Robotics and Controls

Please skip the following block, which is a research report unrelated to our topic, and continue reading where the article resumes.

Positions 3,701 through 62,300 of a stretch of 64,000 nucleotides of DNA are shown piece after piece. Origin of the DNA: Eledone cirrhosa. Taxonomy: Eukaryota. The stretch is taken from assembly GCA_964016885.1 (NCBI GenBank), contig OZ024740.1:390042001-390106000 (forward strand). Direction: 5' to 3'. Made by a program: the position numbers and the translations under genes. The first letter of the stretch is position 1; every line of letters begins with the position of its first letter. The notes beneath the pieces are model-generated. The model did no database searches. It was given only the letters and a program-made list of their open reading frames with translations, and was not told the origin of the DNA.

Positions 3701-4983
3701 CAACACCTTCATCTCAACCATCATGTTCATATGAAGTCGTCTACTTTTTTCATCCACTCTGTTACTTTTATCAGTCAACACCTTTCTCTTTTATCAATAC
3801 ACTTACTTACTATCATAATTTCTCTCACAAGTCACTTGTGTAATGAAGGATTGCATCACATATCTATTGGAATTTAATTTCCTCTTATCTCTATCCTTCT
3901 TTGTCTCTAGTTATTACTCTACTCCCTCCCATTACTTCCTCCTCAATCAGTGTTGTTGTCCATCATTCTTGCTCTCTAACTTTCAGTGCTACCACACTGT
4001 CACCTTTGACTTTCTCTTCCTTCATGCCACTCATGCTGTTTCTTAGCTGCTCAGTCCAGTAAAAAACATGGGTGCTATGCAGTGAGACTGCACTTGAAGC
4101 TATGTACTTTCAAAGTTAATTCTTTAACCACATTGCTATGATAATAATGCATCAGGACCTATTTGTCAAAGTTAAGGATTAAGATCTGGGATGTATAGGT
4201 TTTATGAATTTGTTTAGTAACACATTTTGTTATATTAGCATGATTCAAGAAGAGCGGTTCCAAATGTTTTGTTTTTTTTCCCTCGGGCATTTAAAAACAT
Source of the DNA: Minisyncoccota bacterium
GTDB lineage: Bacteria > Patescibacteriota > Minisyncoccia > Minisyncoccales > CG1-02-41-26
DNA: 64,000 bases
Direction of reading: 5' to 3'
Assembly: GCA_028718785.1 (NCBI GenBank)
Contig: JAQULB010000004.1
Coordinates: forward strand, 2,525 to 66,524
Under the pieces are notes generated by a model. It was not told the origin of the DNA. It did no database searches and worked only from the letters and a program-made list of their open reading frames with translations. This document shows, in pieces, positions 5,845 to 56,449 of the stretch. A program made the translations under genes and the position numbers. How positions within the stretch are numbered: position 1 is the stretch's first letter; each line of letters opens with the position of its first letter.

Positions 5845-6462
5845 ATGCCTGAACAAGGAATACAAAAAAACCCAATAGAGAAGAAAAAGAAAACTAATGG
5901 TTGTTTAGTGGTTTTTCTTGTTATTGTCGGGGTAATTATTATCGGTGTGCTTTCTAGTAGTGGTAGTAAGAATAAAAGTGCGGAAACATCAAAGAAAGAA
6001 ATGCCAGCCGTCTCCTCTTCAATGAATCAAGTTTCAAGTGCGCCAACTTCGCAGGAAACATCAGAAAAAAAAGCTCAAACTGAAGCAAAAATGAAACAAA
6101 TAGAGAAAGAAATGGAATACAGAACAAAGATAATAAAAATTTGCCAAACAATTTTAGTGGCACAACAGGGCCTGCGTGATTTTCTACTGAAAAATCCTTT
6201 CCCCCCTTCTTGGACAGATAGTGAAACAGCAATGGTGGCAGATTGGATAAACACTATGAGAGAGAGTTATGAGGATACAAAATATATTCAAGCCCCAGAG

Among the main motivations for designing, controlling and deploying robots is to replace humans in "dull, dirty and dangerous" jobs. From the deepest oceans to outer space, robotic devices have been used in search-and rescue missions, in environment exploration and inspection, and in a host of other applications. Research in our department can be broadly categorized into three areas: cooperative robotics, robots for assisted human motion, and bio-inspired robotic systems. Cooperative robotics is envisioned to allow teams of robots to work together, enabling ensembles of machines to cooperatively perform tasks that none of them can complete in isolation. Robotics to assist persons with decreased mobility is an active area of overlap between the department's strengths in robotics and biomechanics. Ongoing projects are related to assisting children with developmental disabilities and older persons with brain or spinal cord injury. Recent work in bio-inspired systems is looking at legged robots as an alternative to traditional wheeled and tracked ground vehicles. In addition to these applied topics, our department is performing basic research in control theory in order to better understand real-world decision-making problems faced by humans, and—increasingly—robots.